I’ve spent the past four months in Shenzhen, China, modifying an iPhone 7 to add a fully functional headphone jack. To the best of my knowledge, this is the first time anyone has done anything like this. I made a video about my journey.
(If you’d like more info about my previous video about making my own iPhone 6s in China, see the press page for that video.)
I am available for interviews! I’m happy to jump on Skype anytime. Email me at firstname.lastname@example.org.
I can also deliver high quality recorded 1080p video of Skype interviews on a short deadline. I can be available for in person interviews in Shenzhen and Hong Kong, and will be in California the week of September 11. Also open to discussing travel to other locations for in person interviews, depending on my availability.
What you’ll find on this page…
I’ve spent the past four months in Shenzhen, China, modifying an iPhone 7 to add a fully functional headphone jack. To the best of my knowledge, this is the first time anyone has done anything like this.
In April, I decided to finally upgrade my iPhone 6s to an iPhone7 to get better camera quality for the videos I was shooting when I was out on adventures in the industrial markets and manufacturing world. But I was super annoyed that it doesn’t have a headphone jack! I already have headphones I really liked, and I didn’t like the idea of having to keep track of an adapter just to use them.
So I figured I’d add my own – after all, how hard could it be?
It turns out, really really hard. But possible.
Q: Who are you?
A: I’m Scotty Allen. I’m an American engineer, entrepreneur, and hacker. I’ve worked at Google and several other prominent Silicon Valley startups. I’ve been traveling the world full time for the past 3 years. I’m a nomad, which means I don’t have an apartment or house anywhere that I rent full time.
I’ve spent about half of the past two years in Shenzhen, China, learning about the electronics manufacturing scene – the industrial markets, factories, and back alleys where the world’s electronics are made. I started Strange Parts as a way to start telling stories about my adventures.
Earlier this year, I made my own iPhone 6s from parts I bought in the market.
Q: Where did you get the parts?
A: I bought most of them from the cell phone repair markets in Huaqiangbei in Shenzhen, China. These are public wholesale markets that target cell phone repair businesses all over the world. I also purchased some official Apple headphone adapters from the Apple stores in Shenzhen and Hong Kong.
Q: Couldn’t you just buy a $10 headphone adapter instead?
A: Yes. But that’s less fun.
Q: How much did it cost?
A: I haven’t kept perfect track, but I’ve spent easily thousands of dollars on this project. I’ve bought 3 iPhone 7s to take apart, a handful of new screens, several handfuls of backs I mutilated, and countless other parts I broke. I paid a factory to do 7 manufacturing runs of circuit boards. And oh god the headphone adapters. I bought lots and lots of official Apple headphone adapters to take apart.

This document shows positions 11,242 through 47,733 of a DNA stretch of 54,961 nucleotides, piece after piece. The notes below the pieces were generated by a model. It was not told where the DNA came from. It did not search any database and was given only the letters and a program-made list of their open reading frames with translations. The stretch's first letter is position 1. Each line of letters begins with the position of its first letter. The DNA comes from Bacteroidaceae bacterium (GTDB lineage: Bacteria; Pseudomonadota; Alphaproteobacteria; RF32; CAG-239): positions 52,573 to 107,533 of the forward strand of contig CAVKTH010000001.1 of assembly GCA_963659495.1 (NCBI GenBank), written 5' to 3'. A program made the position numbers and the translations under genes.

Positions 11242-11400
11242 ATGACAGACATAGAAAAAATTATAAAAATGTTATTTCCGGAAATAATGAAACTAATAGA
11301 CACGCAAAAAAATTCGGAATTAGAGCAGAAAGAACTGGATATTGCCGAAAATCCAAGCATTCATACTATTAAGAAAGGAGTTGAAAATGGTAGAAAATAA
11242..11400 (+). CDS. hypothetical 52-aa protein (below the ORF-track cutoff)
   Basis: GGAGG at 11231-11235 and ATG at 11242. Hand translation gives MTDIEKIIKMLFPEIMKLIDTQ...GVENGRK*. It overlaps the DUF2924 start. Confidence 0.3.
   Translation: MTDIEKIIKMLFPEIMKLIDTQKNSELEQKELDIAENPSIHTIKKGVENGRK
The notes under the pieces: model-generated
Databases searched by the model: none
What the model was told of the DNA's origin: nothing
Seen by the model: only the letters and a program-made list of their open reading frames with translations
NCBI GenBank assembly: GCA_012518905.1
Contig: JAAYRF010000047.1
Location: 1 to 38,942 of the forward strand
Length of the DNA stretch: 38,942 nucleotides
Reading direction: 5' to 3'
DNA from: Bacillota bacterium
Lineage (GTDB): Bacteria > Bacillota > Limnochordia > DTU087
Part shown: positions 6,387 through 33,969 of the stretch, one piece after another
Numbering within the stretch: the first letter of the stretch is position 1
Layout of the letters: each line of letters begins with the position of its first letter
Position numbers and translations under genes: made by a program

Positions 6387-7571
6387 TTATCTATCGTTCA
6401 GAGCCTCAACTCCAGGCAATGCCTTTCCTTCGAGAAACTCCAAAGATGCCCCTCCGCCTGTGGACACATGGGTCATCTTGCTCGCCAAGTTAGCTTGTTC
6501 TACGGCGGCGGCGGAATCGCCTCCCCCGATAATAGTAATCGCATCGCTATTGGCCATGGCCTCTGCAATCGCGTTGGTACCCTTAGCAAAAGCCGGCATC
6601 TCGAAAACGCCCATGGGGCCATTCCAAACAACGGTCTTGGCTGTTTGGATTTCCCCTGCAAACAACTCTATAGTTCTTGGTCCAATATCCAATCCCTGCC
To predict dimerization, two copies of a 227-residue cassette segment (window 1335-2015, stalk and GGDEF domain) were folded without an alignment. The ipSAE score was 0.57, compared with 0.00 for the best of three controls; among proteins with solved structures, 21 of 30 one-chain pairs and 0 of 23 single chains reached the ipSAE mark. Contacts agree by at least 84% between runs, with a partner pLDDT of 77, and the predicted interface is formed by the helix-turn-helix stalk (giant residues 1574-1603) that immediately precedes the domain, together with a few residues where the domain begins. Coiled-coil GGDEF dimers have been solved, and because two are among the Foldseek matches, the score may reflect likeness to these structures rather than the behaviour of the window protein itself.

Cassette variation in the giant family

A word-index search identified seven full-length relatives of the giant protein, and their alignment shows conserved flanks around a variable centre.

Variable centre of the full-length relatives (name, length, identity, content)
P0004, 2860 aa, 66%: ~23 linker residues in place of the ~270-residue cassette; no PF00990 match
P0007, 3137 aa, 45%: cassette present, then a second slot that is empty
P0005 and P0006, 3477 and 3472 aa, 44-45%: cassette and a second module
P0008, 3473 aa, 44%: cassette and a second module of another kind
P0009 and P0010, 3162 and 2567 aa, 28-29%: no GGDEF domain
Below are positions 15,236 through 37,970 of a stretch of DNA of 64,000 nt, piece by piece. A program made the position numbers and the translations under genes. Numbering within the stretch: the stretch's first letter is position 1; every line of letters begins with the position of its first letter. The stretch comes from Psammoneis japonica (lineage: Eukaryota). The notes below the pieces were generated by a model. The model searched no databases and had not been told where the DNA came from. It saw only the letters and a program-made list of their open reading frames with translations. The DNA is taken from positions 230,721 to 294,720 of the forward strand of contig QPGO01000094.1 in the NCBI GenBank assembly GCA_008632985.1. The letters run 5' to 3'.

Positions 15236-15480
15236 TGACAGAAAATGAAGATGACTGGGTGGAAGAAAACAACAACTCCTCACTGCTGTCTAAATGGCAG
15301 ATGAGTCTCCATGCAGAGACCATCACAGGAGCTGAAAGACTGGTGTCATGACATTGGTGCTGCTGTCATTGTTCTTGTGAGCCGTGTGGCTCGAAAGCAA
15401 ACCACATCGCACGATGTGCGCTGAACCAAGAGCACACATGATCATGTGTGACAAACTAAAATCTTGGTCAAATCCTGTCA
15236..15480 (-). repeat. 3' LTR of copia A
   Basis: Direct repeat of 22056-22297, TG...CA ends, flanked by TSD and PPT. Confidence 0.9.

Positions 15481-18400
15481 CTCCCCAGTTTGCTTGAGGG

Q: Why didn’t you use a chinese copy headphone adapter?
Believe me, I tried. I couldn’t find any that fully worked. Either the buttons on an apple headset wouldn’t work, or they didn’t detect when I unplugged the headphones. Or they just didn’t work at all. But I wish I’d been able to, as it would likely have been much cheaper.
Q: Does this work on iPhone 8?
I don’t know – I haven’t seen one yet! But I’d like to take a closer look at that once they’re available.
Q: Can you charge the phone and listen to music at the same time?
A: Sadly, no, because of the way the circuit is designed. Either the headphone jack is connected to the phone, or the lightning jack is, but never both at the same time. To fix this would require a pretty serious engineering effort, that would require a much deeper understanding of the lightning protocol than I currently have.
Q: Where can I get my own iPhone with a headphone jack?
A: Sadly, this design isn’t quite ready for mass manufacture just yet. It was really hard for me to put together a single working phone without breaking any internal parts. I hope that others build upon my design to make it easier to manufacture, or that Apple brings back the headphone jack into their phones.
However, for the diehard Strange Parts fans, I made some special circuit boards just for them. You can find out more in the _Strange Parts Store_.
Q: I want to manufacture your design. Is that ok?
A: Yes, please do! The design is open source. I hope that you can improve on what I’ve done, and make it available to more people. And if you decide to do this, send me an _email_. I’d love to hear from you!